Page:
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Time management when testing cases in DS

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Time management when testing cases in DS [#permalink]

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New post 16 Jun 2015, 05:18
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Hi,

Does anyone have any suggestions on speeding up testing cases for DS questions? I take much longer on DS, especially 700+ questions. My accuracy isn't a problem but it takes me a long time to think of cases both ways for each statement.

Here's an example of the kind of question that's taking me 3 minutes plus: (example http://gmatclub.com/forum/if-y-is-not-equal-to-0-and-y-is-not-equal-to-1-which-is-134494.html).

At the moment I'll try to prove 'yes' and 'no' for each prompt statement, before finding cases to test 'C' if necessary. I understand that the 'C' cases can sometimes just involve recycling cases from either statement, but I'm normally 2 minutes in even by the time I'm thinking about C!

How do other people organise their DS approach to cut down on the time involved?

Thanks

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Re: Time management when testing cases in DS [#permalink]

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New post 16 Jun 2015, 05:30
ElCorazon wrote:
Hi,

Does anyone have any suggestions on speeding up testing cases for DS questions? I take much longer on DS, especially 700+ questions. My accuracy isn't a problem but it takes me a long time to think of cases both ways for each statement.

Here's an example of the kind of question that's taking me 3 minutes plus: (example http://gmatclub.com/forum/if-y-is-not-equal-to-0-and-y-is-not-equal-to-1-which-is-134494.html).

At the moment I'll try to prove 'yes' and 'no' for each prompt statement, before finding cases to test 'C' if necessary. I understand that the 'C' cases can sometimes just involve recycling cases from either statement, but I'm normally 2 minutes in even by the time I'm thinking about C!

How do other people organise their DS approach to cut down on the time involved?

Thanks


IMO, for most of the DS questions, you can solve by number picking by the following scenarios:

Negative Numbers
Positive Numbers
Fractions.

I usually go with the following set: ,-100-2,-1.5,-1,-0.5,-0.25,0,0.25,0.5,1,2,100

The DS prompt will prohibit some of the above values and will thus narrow your range. You just have to be smart about your selection.

FYI, +/-100 values are exampels of 'very large values' (usually helpful in questions related to sets/medians/means etc).

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Re: Time management when testing cases in DS [#permalink]

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New post 16 Jun 2015, 07:48
I definitely need to be a bit smarter about choosing from the set list (negative, positives, fractions, 0 etc). But I find it difficult to quickly identify the right values to test when there are two variables. For instance, in the question I link to above, both statements allow x and y to take on positive, fractional or negative values; that's 9 combinations of number type to choose from for x and y!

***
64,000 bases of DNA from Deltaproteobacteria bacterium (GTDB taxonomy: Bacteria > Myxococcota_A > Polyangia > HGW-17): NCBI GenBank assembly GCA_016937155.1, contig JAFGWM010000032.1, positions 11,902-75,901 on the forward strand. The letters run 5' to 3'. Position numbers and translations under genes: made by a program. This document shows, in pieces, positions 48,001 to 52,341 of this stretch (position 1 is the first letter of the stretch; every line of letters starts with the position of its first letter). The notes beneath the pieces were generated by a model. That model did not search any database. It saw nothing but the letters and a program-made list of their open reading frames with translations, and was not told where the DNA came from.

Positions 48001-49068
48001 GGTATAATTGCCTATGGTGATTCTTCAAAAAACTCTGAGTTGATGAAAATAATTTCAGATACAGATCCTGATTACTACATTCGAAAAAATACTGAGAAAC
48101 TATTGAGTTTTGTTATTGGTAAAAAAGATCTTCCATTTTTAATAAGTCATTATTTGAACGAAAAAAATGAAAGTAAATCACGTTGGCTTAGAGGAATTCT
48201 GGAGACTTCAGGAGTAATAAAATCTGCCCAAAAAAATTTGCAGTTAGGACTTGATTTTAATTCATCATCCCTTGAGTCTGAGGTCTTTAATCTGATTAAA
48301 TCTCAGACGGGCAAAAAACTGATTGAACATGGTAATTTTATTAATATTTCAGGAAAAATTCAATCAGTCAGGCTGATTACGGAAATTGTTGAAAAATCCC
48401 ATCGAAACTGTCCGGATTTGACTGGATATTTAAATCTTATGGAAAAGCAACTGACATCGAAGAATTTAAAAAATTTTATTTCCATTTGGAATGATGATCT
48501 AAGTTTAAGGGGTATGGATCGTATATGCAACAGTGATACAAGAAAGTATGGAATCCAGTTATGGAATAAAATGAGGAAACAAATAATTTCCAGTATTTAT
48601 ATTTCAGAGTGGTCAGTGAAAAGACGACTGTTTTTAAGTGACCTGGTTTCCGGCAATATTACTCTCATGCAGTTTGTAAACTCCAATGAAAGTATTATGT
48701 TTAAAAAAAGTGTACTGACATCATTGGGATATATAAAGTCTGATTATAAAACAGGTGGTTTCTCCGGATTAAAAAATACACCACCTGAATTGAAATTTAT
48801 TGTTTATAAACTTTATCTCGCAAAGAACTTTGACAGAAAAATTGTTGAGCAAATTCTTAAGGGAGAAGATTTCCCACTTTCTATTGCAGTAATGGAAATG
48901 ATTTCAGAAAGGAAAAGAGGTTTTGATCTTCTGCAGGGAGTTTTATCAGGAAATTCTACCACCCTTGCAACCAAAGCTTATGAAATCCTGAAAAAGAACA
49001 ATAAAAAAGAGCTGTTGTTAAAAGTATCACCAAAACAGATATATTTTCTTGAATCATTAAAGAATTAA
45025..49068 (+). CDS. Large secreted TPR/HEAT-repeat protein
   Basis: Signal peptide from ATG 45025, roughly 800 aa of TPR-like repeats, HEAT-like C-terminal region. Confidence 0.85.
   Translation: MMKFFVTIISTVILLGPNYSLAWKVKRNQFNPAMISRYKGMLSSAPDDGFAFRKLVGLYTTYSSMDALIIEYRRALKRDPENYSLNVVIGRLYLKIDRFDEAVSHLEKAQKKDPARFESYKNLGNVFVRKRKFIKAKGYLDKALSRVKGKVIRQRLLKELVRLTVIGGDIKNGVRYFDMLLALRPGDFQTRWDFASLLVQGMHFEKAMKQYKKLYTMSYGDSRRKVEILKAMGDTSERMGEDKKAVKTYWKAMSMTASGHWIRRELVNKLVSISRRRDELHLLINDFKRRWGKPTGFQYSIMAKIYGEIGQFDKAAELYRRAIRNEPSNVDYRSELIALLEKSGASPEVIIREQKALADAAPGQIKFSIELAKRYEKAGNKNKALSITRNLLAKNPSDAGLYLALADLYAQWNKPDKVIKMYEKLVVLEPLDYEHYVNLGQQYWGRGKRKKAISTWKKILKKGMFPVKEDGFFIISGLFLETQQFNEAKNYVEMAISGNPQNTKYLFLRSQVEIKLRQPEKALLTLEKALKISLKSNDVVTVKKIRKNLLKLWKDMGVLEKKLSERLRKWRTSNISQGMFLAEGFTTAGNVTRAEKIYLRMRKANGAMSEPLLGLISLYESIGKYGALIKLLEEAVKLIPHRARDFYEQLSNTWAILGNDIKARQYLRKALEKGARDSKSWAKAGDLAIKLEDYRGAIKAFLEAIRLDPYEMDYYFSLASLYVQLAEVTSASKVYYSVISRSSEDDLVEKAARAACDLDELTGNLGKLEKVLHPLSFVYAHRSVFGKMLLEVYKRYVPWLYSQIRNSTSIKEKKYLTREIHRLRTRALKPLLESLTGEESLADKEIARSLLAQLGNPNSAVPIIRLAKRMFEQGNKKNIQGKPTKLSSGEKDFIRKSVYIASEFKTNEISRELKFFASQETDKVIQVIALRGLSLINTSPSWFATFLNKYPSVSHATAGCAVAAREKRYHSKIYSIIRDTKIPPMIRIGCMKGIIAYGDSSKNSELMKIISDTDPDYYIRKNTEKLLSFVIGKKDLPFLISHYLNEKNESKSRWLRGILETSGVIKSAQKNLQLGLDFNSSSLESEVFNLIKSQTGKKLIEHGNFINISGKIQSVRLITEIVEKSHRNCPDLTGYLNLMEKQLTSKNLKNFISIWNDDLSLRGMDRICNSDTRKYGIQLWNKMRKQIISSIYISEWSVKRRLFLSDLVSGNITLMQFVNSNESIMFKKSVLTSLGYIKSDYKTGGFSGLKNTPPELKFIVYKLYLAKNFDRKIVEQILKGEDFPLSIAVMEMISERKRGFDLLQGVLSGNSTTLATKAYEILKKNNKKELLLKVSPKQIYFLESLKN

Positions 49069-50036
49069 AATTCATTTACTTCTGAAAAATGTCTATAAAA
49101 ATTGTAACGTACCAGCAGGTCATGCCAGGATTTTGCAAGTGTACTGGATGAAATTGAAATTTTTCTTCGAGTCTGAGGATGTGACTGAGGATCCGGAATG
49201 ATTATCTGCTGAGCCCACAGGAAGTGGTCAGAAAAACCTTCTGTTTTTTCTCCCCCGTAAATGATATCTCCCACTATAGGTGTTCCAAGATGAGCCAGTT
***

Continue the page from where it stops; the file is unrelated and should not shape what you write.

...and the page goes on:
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Re: Time management when testing cases in DS [#permalink]

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A general outline of DS scenario-generation strategy:

• if you think a statement is sufficient, you should try to prove it, since that's more reliable (and usually faster) than generating scenarios

• if you do not think a statement is sufficient, or you try to prove it is and cannot, then generate scenarios

• first generate the simplest possible scenario to get one answer to the question as quickly as possible

• then, with that answer in mind, step back from the question and ask "what would I need to do to get a different answer to the question?" What you might need to do depends entirely on the math in the question, and the better you understand the mathematical concepts on the GMAT, the faster you'll be able to do this. In, say, an even/odd question, if you tested some even scenario first, you'd then normally test some odd scenario. In an inequality question, you'd most often test a simple positive scenario first, then a negative scenario.

• if you can get two different answers, you've proven your info is not sufficient. If you keep getting the same answer to the question even after trying to get different answers, the information is sufficient unless you missed some exceptional case. So you cannot necessarily be sure, but you should 'guess' it's sufficient, because you'll be right most of the time.

• do not just plug in some arbitrary list of numbers into every question unless you don't understand the question well at all. For one thing, you'll get a lot of questions wrong that way, and for another, you'll waste a lot of time. So for example, many test takers just automatically plug negative fractions into inequality questions, which can be a time-consuming thing to do. Negative fractions are irrelevant in most inequality questions, and if you can recognize when they might matter, and when they don't, you can save a lot of time.